Focus Groups with Transgender & Nonbinary Adults: Lessons Learned from Pew Research Center
By: Anna Brown, Research Associate, Pew Research Center
Late last year, the Social and Demographic Trends team at Pew Research Center embarked on an ambitious study about gender identity and the experiences of transgender and nonbinary Americans. We conducted a series of online focus groups of trans and nonbinary adults in March 2022, followed by a survey of the general public in May.
The focus groups led to an essay detailing the experiences, challenges and hopes of trans and nonbinary adults in which most of the text was from the participants’ own words. They also led to an AAPOR presentation in Chicago this year in which we described the lessons we learned from conducting the focus groups. The quantitative data we gathered led to an estimate of the share of U.S. adults who are trans or nonbinary as well as a sweeping look at the landscape of public opinion about gender identity and transgender issues.
Among the lessons we learned from the focus groups:
- Enlist the help of people who share similar identities with the group you’re studying. For an all-cisgender research team like ours, this was critical. We spoke with several scholars in different areas of gender discourse, all of whom were trans or nonbinary themselves, as we developed the discussion guide and recruiting questionnaire. We continued to rely on their help reviewing those materials as well as the final report. In addition, our moderators were all trans or nonbinary. We had a trans woman moderate a group of all trans women, a trans man moderate a group of all trans men and a nonbinary person moderate a group of all nonbinary people. Other groups included a mix of trans and nonbinary adults and were moderated either by a nonbinary or a trans man moderator.
- Design your materials to suit the needs of your target population. For trans and nonbinary adults, earning their trust early on was critical. Consulting with people who are trans and nonbinary themselves helped us avoid language in our recruiting questionnaire and discussion guide that could have been insensitive or seen as out-of-touch. Because we were recruiting from a pool where most respondents would be eligible to participate (outreach to people who had previously said they were trans or nonbinary in panel surveys, as well as connections through professional networks and LGBTQ+ organizations), we could use terminology such as “nonbinary” in our screening questionnaire that might not be broadly understood among the general public but worked well for our target population.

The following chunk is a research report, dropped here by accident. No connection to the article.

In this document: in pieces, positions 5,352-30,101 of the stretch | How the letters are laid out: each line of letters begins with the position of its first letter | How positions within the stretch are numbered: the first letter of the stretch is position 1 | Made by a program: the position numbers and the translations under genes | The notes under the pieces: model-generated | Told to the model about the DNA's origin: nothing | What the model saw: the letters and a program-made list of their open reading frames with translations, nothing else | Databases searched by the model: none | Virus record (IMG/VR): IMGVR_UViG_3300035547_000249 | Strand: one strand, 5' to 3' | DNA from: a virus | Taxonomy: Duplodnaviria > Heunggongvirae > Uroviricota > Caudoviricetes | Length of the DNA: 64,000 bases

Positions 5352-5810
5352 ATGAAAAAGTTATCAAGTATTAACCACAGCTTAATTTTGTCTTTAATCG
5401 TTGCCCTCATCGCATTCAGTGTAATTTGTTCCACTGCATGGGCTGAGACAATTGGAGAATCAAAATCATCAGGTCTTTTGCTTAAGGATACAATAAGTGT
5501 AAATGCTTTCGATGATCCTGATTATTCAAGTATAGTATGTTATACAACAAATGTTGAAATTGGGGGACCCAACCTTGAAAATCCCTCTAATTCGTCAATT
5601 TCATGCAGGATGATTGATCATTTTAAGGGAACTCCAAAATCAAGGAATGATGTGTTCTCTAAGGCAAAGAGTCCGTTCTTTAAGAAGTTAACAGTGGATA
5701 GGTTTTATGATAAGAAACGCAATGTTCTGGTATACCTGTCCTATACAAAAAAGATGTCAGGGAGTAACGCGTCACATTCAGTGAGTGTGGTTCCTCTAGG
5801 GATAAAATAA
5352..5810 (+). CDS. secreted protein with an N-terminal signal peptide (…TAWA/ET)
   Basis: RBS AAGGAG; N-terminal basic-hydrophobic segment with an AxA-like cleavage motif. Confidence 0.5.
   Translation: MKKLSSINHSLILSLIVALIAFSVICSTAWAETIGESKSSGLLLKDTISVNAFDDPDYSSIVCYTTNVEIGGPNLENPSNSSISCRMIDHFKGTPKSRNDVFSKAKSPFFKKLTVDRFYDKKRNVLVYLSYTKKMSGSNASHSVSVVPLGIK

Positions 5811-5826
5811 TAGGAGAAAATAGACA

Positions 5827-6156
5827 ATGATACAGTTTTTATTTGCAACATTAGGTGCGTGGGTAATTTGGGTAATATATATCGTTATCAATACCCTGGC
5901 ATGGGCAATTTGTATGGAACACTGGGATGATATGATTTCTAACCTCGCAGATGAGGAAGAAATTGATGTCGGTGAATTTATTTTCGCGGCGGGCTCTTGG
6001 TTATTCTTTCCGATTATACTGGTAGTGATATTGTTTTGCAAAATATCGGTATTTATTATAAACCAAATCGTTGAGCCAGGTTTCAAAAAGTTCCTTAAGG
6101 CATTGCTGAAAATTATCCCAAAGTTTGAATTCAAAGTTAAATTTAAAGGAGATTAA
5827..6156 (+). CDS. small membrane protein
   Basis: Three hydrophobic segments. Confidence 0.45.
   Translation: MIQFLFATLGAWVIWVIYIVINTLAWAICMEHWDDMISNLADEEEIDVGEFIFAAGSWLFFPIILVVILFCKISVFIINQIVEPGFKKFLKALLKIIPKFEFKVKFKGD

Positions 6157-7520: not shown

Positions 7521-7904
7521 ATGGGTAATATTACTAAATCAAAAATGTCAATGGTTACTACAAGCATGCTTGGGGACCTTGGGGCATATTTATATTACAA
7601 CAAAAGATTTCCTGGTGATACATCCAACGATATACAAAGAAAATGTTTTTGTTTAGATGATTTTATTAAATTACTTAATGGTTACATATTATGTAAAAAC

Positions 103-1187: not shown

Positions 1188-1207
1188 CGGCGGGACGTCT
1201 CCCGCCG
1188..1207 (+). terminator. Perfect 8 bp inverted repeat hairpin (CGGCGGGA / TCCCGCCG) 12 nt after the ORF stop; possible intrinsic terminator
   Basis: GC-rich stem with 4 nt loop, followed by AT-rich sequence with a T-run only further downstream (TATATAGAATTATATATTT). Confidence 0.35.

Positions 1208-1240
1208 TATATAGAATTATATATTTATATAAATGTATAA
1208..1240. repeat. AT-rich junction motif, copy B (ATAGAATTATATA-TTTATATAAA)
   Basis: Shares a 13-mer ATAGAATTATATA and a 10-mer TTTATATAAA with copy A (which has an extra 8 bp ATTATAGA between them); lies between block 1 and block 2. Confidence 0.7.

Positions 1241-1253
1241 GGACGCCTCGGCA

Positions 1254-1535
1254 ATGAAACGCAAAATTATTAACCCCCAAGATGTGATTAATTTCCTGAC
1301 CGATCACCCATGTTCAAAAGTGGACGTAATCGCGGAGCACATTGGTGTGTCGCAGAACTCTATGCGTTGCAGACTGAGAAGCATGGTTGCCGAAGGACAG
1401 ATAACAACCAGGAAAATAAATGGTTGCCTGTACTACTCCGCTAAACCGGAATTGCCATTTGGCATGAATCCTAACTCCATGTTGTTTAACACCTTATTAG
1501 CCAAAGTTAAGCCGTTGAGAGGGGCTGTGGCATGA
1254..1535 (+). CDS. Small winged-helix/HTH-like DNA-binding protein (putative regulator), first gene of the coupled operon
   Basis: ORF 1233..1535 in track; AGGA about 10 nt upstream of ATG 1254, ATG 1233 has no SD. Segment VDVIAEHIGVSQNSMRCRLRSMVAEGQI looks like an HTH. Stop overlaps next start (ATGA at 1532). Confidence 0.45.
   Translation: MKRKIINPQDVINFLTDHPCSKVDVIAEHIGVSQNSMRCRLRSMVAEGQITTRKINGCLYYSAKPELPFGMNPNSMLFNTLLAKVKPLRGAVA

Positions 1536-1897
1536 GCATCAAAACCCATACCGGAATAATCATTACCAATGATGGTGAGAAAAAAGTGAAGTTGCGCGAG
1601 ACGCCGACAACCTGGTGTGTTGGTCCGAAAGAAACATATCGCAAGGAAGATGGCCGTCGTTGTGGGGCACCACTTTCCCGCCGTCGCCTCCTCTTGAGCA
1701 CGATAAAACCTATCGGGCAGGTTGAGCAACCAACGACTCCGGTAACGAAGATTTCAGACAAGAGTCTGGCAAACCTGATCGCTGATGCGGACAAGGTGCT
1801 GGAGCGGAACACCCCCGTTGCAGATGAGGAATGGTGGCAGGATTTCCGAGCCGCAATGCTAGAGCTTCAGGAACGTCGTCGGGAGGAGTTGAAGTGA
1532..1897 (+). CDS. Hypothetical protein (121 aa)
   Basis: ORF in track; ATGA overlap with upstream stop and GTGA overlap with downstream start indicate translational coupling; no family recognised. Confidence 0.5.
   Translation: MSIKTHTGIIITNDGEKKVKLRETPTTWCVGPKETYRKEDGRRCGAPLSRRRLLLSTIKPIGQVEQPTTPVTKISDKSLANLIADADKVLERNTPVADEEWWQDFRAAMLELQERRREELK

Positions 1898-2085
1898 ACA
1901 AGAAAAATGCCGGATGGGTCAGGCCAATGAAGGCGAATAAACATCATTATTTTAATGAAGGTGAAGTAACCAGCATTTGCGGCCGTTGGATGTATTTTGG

- Keep groups small, overrecruit and have a plan in place to keep the groups running smoothly. We recruited six participants per group with the intention to seat four or five in each group. For an online focus group, smaller is usually better – cross-talk is minimized and it allows for a more in-depth discussion. 83% of our recruits showed up with working technology and no group had all six participants, so overrecruiting was essential. We also had someone dedicated to tech support available for the duration of each focus group so that the moderator could focus on moderating.
- Stay flexible. Even when you plan ahead for contingencies, you may still need to make decisions on the fly. Each of our focus groups was scheduled for 90 minutes but some moved more quickly than others. Without intervention, some groups would not have been able to get through the entire discussion guide. If a group veered into a tangent that wasn’t relevant to our goals or if a question fell flat with a particular group, we could send a message to the moderator asking them to try to move to the next topic. We could also have them skip less-essential topics if it was moving slowly, avoid sensitive topics if the group rapport didn’t seem strong enough, or keep probing on a particularly interesting discussion.
- Understand that focus groups are not representative of a population as a whole, so inferences are limited. We set some minimum quotas for groups that we wanted to be sure to hear from, such as older adults and nonwhite participants and we ended up with good racial/ethnic and age diversity. Still, some groups were easier to recruit than others. Majorities of our participants were living in urban areas, were single and had at least bachelor’s degree. We also recruited more nonbinary participants than trans men or trans women.
We hope other researchers will learn from our study and apply these lessons to their qualitative work, whether it involves trans and nonbinary participants or other groups. If you’d like to learn more about this research, the focus group findings are publicly available, including details on the methodology we used. Thanks to our research partner PSB Insights, our moderators and experts that we consulted, and all of our participants for making this project a success.